Neurology

Conditions We Treat

Spasticity

Spasticity is a condition in which certain muscles are continuously contracted. This contraction causes stiffness or tightness of the muscles and may interfere with movement, speech, and manner of walking.

Spasticity is usually caused by damage to the portion of the brain or spinal cord that controls voluntary movement. It may occur in association with spinal cord injury, multiple sclerosis, cerebral palsy, damage to the brain because of lack of oxygen, brain trauma, severe head injury, and metabolic diseases such as adrenoleukodystrophy, amyotrophic lateral sclerosis (Lou Gehrig's disease), and phenylketonuria.

Symptoms may include hypertonicity (increased muscle tone), clonus (a series of rapid muscle contractions), exaggerated deep tendon reflexes, muscle spasms, scissoring (involuntary crossing of the legs), and fixed joints. The degree of spasticity varies from mild muscle stiffness to severe, painful, and uncontrollable muscle spasms. Spasticity can interfere with rehabilitation in patients with certain disorders, and often interferes with daily activities.

Treatment

Treatment may include such medications as baclofen, diazepam, tizanidine or clonazepam. Physical therapy regimens may include muscle stretching and range of motion exercises to help prevent shrinkage or shortening of muscles and to reduce the severity of symptoms. Surgery may be recommended for tendon release or to sever the nerve-muscle pathway.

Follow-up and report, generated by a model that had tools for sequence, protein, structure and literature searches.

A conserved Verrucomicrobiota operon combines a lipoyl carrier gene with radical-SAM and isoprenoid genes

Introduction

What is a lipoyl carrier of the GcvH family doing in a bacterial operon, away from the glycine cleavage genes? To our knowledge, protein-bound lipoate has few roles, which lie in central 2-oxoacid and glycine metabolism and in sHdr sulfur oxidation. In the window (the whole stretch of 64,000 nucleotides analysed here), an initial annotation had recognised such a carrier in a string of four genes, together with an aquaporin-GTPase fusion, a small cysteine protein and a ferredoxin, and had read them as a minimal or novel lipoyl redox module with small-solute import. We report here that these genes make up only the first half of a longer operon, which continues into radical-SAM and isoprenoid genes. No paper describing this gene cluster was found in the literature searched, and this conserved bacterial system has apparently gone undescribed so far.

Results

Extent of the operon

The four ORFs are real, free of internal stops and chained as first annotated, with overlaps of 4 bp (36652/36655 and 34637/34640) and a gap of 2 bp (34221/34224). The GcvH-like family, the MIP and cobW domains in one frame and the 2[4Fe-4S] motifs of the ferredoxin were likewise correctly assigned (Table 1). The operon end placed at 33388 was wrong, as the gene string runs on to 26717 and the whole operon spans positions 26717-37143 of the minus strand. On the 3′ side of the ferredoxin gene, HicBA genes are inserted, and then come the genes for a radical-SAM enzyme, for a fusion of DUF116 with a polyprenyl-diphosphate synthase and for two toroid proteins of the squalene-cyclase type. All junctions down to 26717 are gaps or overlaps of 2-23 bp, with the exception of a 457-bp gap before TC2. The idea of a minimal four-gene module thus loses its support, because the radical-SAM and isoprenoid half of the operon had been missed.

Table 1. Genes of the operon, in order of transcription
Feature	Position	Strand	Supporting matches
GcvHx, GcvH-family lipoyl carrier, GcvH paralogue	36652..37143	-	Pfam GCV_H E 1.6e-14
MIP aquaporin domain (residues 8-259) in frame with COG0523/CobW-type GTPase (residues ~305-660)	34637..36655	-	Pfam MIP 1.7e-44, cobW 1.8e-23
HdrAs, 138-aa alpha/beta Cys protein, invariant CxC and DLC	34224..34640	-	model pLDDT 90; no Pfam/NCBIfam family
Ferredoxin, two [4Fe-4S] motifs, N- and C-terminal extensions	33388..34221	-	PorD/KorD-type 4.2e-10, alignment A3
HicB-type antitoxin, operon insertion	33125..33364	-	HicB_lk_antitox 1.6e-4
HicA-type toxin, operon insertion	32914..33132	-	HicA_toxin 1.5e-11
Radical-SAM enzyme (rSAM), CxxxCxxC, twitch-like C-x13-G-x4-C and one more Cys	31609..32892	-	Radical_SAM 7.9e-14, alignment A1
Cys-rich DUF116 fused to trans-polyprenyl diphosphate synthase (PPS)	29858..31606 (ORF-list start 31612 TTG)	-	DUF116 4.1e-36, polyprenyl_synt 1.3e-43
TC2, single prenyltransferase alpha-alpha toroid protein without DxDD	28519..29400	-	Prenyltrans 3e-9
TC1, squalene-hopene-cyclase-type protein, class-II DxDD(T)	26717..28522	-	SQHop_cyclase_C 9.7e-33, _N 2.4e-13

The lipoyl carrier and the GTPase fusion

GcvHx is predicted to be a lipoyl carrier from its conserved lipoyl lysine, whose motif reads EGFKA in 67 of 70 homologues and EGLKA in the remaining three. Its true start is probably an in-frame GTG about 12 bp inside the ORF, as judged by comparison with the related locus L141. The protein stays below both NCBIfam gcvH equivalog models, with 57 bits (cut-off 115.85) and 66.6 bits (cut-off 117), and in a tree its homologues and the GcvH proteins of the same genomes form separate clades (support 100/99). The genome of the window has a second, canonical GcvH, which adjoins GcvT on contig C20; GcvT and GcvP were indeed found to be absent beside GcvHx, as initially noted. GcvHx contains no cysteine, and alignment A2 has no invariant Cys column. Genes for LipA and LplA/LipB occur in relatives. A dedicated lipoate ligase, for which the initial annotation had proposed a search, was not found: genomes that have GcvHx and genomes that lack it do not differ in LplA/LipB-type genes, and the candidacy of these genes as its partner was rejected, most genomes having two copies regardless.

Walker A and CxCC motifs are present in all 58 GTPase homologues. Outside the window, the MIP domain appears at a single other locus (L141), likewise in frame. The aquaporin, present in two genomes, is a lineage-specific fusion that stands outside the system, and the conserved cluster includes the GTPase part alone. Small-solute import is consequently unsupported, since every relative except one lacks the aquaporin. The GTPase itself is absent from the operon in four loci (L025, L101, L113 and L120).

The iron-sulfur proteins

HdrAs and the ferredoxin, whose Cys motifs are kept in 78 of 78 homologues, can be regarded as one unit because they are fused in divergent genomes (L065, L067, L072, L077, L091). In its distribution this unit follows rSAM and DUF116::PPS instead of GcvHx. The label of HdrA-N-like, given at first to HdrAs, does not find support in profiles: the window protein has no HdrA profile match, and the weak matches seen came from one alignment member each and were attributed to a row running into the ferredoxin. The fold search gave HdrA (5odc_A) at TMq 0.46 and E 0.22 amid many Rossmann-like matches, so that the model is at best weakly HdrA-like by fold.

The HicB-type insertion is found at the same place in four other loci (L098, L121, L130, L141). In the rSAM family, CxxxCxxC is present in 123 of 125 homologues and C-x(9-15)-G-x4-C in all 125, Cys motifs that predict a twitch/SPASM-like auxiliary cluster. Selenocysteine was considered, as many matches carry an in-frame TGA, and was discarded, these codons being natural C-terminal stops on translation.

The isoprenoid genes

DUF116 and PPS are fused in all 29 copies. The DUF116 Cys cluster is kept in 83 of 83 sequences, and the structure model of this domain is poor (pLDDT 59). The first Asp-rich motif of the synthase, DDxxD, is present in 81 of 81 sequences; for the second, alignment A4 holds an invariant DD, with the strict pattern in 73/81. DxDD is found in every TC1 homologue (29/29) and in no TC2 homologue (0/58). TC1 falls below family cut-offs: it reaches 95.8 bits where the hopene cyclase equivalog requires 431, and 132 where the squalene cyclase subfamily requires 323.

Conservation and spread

Prognosis

The prognosis for those with spasticity depends on the severity of the spasticity and the associated disorder(s).

Helpful Resources

Highland Neurology

NYS Designated Stroke Center

NYS Dept of Health

Use the F.A.S.T. Test

If you think you or someone you know is having a stroke.

Face

Ask the person to smile. Is the face lopsided?

Arm

Ask the person to raise arms. Does one arm drift down?

Speech

Ask the person to repeat a phrase. Does their speech sound strange? Can they do it without slurring words?

Time

Don't waste it. Call 911 now.